The presentation of Islam as a creed which is despotic when it rules and terrorist when it opposes, is the greatest disservice to Islam made by the present regime. When this regime came to power, there was a viable peace program. They demolished it and substituted a dialogue of the deaf for it! The peace talks they engaged in at Addis in 1989, at Nairobi in 1990, at Abuja One in 1992, at Abuja Two in 1993 and at Nairobi One, Two and Three in 1994, could not move towards peace because the Regime is constrained by NIF programs. They are the programmes of a pressure group which built its constituency on a single issue (Islamic assertion) and a single means to realize it-compulsion.
The first point is a stock taking of the costs to the Sudan of the ” Salvation Regime”.
Second Point :
Many thinkers , writers, and statesmen in the west have given Democracy in the Sudan scant appreciation. Many have seen the socio-economic underdevelopment of the country, the pervasive illiteracy and so on as effective obstacles to Democratic efficacy. It is true Democracy and indeed all aspects of modernization face an uphill struggle in the Sudan. However, the alternatives to Democracy in Sudan had an even worse record.
In its modern history, Sudan had experienced three Democratic systems of government and three autocratic ones. The three democratic systems have developed from good to better, whereas the three autocratic systems deteriorated from less bad to worse. The rising curve of Democracy and the falling curve of autocracy suggests political growth and development. A study of performance of the six regimes supports the following conclusions:
* All the signs of health and growth in the national economy have been associated with the democratic system.
* All the attempts to resolve the civil-war peacefully have been undertaken during the years of democracy.
* The second autocracy built on the peace proposals achieved during the second Democracy as outlined by the resolutions of the round table conference, the twelve Man committee and the all party conference, and reached agreement with Anyanya One. However, the peace agreement of 1972 was soon broken by the autocrat to be replaced by an even worse civil conflict. So, the net result of the effort of the second autocracy was a deeper and more pervasive civil war.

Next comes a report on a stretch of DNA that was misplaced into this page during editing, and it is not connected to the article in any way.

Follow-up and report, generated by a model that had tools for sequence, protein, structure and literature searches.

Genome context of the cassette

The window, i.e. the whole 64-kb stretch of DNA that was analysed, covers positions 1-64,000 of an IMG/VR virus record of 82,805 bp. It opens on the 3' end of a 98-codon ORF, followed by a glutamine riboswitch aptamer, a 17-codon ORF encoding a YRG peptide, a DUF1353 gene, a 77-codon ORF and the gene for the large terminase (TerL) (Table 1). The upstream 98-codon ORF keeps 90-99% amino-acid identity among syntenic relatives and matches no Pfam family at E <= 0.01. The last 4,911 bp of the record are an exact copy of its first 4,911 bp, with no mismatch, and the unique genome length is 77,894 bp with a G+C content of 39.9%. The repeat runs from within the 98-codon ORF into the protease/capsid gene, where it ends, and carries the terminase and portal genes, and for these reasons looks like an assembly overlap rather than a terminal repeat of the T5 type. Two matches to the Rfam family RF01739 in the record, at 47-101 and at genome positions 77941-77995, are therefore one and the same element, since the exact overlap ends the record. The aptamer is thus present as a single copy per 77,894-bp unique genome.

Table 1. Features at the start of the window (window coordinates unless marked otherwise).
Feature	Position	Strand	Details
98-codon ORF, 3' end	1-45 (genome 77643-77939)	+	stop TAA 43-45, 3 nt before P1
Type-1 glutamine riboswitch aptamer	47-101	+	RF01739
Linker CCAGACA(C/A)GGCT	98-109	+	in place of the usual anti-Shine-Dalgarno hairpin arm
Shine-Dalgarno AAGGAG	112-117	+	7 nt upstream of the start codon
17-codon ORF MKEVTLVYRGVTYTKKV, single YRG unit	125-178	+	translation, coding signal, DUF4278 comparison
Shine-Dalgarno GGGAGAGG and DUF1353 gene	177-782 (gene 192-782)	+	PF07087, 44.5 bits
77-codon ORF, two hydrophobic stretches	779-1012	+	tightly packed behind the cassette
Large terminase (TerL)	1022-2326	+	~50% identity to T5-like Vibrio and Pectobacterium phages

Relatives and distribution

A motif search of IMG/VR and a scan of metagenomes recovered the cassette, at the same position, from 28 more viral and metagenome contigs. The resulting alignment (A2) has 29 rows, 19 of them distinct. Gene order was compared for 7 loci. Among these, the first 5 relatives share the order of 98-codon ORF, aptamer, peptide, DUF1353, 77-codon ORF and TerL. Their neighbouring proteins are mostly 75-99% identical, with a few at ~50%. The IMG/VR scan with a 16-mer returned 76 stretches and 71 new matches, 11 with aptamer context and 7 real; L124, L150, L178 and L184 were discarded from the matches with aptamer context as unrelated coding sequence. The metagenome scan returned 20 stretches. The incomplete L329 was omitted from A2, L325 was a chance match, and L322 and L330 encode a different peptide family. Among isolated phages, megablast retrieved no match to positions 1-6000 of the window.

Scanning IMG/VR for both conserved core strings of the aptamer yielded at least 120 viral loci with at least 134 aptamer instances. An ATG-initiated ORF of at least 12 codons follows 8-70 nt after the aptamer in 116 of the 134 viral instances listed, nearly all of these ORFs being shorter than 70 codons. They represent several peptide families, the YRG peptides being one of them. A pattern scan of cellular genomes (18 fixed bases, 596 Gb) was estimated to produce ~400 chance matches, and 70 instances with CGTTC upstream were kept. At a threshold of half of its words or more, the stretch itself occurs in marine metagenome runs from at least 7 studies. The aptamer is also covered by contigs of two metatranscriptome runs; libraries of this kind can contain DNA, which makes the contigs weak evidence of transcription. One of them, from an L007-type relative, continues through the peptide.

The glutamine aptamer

* All the political developments within the political parties, and the steps towards maturity within trade unions have been associated with the democratic systems.
* All tendencies towards internal and external financial imbalances have been associated with the autocratic systems. The same is true for all the other parameters of economic decline viz., growth of the external debt, and sharp decline in the value of the Sudanese pound.
* All the tendencies at adventurism and alignment in Sudan’s external relations have emerged in times of autocracy.
* All civil wars in Sudan have started in times of autocracy. The dates 1963, 1975,1983 and 1991.
* During the times of autocracy, tribal, regional and narrow religious loyalties have been consolidated. Also during autocratic periods, growth and development within the political parties and the trade unions come to a stand still.
* During periods of democracy Human Rights, Civil Rights and basic freedoms have been protected inheras during the autocracies the same have denied and the citizens of the Sudan have been subjected to violations of Human Rights and other deprivations. We look forward to studies in comparative Democracy to win once and for all the debate about the superiority of Democracy. However, adapted and phased over all alternative systems.
Third Point :
There seems to be some doubts about the efficacy of National Sudanese opposition to the present regime. Some have even compared it to Iraqi opposition. This is unfair. Iraqi political parties are either sectarian based or ethnic based ( Shia and Kurds)..Sudanese political parties even when they have certain particularist support are more national. Further, Sudanese opposition speaks from inside the Sudan, Iraqi opposition has no internal existence. In fact, a comparison of the performance of the National opposition in Sudan with all similar countries like Burma, Haiti, Iraq and so on gives results which favour Sudan’s opposition. There have been several uprisings in the Sudan in some of the country’s major cities like: Al Obaid, Wad Madini, Al-Gadarif, Al-Nuhud, Umruaba, Omdurman and so on. It is because Sudanese opposition has continued to defy the regime that the regime violated Human Rights and qualified for UN. condemnation. There is continuously defiant student opposition inside the Sudan which the regime tried by all means to disperse and intimidate without success. There is a mature party and trade unions organization survived sixteen years of autocratic suppression during Nimairi’s regime and ultimately succeeded in destroying it. Every evidence now points to the fact that political infrastructure is alive and kicking.